In a small Georgia mill town in the 1930s, a tall figure who is always immaculately attired draws other people to him like a magnet. His name is John Singer and this attraction he has for others may seem odd or unlikely to an outside observer since Singer himself can neither hear what others are saying nor speak in reply to written communication. Although others are drawn to him, he considers only one other person in town to be his actual friend: his equally deaf mute roommate Spiros Antonapoulos.
Following a prolonged illness Spiros began to exhibit signs of mental instability which resulted in his being committed to the state insane asylum on the order of his cousin. Following this loss, Singer take a room the town’s boarding house run by the Kelly family. Mick Kelly, a young teenager with dreams of finding fame as a musician, establishes a bond with Singer. Biff Brannon, owner of the New York Café where singer enjoys meals every day is also drawn to Singer along with a drifter named Jake Blount and black doctor named Benedict Mady Copeland.
Each of these lost souls find in Singer something transcendent and unusual during the difficult times of the Great Depression. Unable to communicate with speech, they see in his gentle disposition, attentive eyes and kind smile the transmission of a profound empathy with their individual struggles and a profound wisdom not dependent upon the conventional limitations of language as the means of communication.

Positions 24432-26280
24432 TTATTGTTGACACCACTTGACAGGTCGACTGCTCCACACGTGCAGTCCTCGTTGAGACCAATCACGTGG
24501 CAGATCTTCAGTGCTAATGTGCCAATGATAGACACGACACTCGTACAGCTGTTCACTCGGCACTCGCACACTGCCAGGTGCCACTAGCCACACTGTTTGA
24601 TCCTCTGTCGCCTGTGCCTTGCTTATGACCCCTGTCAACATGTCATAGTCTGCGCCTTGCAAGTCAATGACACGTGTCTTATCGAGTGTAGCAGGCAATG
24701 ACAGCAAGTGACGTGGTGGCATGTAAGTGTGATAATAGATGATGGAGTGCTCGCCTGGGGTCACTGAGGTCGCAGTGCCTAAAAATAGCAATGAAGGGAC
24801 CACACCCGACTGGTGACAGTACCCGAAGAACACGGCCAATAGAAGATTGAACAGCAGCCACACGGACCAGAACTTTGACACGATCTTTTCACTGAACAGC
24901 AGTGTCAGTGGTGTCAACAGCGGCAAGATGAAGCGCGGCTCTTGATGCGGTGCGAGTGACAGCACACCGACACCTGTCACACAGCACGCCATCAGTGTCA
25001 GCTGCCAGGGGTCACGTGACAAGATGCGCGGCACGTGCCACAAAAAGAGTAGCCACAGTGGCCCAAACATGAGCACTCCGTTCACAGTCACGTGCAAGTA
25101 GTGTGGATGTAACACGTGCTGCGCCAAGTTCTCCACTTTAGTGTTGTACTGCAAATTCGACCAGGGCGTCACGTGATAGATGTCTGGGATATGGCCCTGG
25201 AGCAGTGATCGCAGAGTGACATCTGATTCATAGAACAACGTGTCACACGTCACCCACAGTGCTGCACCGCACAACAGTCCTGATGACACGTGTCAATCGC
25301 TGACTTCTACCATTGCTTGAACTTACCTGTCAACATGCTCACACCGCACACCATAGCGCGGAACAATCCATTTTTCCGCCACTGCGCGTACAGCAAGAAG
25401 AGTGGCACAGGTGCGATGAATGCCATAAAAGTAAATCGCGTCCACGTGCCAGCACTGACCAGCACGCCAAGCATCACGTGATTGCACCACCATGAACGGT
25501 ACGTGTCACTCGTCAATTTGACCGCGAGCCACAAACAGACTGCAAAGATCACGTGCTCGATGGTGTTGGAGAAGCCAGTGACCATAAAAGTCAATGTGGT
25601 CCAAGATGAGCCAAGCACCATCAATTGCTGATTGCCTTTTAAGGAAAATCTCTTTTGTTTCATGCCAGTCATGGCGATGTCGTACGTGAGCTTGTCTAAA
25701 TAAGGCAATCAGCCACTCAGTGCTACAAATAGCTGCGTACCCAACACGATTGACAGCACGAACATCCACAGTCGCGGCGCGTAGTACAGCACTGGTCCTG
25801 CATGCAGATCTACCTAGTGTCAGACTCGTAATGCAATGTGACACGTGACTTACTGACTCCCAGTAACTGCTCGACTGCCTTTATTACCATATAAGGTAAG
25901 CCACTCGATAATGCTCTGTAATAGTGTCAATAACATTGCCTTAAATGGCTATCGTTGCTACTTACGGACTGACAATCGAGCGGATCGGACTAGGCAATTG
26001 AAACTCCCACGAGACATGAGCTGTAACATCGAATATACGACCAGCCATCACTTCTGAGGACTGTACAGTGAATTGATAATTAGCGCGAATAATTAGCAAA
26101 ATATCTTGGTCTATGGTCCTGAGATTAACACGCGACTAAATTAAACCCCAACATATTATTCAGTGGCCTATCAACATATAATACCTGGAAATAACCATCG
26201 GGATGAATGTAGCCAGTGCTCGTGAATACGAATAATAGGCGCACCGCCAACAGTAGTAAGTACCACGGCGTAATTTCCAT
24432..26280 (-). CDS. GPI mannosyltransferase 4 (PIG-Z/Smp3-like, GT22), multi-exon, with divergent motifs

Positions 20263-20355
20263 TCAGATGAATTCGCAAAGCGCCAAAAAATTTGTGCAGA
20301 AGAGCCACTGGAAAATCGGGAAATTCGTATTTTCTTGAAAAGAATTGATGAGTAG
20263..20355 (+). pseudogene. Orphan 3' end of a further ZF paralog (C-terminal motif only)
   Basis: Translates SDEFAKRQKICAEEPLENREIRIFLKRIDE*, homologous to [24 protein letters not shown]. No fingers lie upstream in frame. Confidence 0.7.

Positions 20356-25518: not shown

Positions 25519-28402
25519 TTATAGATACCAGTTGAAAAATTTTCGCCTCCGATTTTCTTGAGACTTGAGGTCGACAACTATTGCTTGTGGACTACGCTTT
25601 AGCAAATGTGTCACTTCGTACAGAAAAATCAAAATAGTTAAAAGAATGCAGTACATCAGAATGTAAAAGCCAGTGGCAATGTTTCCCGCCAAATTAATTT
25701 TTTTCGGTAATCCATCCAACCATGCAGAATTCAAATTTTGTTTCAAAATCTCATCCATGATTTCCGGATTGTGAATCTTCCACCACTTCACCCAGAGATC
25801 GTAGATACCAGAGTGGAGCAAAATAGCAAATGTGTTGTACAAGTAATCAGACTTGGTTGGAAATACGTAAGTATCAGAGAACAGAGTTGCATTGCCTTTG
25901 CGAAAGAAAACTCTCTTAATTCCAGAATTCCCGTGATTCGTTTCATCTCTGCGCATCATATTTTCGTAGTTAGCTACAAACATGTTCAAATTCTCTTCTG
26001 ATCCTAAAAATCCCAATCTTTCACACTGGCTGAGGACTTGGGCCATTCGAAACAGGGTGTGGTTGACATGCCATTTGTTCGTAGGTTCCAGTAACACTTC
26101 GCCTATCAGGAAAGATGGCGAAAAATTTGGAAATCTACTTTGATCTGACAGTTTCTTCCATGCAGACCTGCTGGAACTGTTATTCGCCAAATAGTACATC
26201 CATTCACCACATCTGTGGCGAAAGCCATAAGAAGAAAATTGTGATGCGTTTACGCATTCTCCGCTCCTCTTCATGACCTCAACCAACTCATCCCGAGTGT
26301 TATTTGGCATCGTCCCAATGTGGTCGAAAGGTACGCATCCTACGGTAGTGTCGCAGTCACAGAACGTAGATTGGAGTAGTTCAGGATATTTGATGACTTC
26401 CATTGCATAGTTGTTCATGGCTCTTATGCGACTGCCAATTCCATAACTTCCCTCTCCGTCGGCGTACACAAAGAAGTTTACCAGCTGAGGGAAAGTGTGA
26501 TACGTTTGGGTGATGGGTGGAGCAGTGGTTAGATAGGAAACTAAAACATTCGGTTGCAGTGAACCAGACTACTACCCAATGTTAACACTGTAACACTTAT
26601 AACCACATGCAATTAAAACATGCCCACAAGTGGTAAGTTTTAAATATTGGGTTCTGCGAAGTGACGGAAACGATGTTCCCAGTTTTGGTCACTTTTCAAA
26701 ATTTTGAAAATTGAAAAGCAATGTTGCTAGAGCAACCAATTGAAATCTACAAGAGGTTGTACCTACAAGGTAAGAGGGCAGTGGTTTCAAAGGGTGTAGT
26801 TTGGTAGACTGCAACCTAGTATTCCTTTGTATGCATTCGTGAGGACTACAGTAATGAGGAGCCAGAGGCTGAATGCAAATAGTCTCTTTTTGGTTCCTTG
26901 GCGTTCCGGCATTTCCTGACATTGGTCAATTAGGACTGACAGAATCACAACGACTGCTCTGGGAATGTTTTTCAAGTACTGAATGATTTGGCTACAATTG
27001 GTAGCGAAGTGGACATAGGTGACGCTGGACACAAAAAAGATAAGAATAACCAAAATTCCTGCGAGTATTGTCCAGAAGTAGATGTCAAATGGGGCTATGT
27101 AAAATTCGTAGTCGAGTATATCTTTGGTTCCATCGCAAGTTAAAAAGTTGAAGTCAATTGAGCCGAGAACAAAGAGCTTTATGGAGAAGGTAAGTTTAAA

On the other end of this transmission stands Singer whose language disabilities reaches far deeper into his soul. Although the other may feel that they are receiving something special through his friendship, his loneliness and alienation actually intensifies because of an intense self-awareness that despite their perceptions, he really is not capable of helping them out with own particular difficulties which have led to their own sense of loneliness and alienation.
Mick associates her joy of music with the serenity found in Singer’s face. Jake’s efforts to rouse a worker revolution against the evils of capitalism seem to fall on deaf ears except in the case of the one person who is literally deaf; only Singer alone seems to understand his passion. Singer is just one of many who are sick, weak, handicapped or disabled to which Biff turns in an effort to make a connection with others. And for Dr. Copeland, Singer is more than mere symbol upon which he imprints a mythic connotation; he is the first white person to ever offer his help to the black doctor, unbidden and with no strings or expectations attached.
Such emotional investment in another person carries the risk for potential consequences and each of the lonely people drawn to Singer must are forced to face that potential when Singer commits suicide after learning that Spiros has died while all alone and feeling abandoned in the mental asylum. Clinging to Singer’s radio like a talisman, Mick makes the decision give up school so she can help her family by taking a job at the five-and-dime store. Jake Blount’s passion results in his getting into a violent brawl which prompts his decision to leave town when he learns he the police are searching for him. Dr. Copeland, facing his own mortality as a victim of tuberculosis, make the decision to go live with family out in the country. And Biff wakes up each day waiting to see what new glimpse into humanity has café will attract and still puzzling over why so many of those people seemed fated to a life of loneliness and desperation.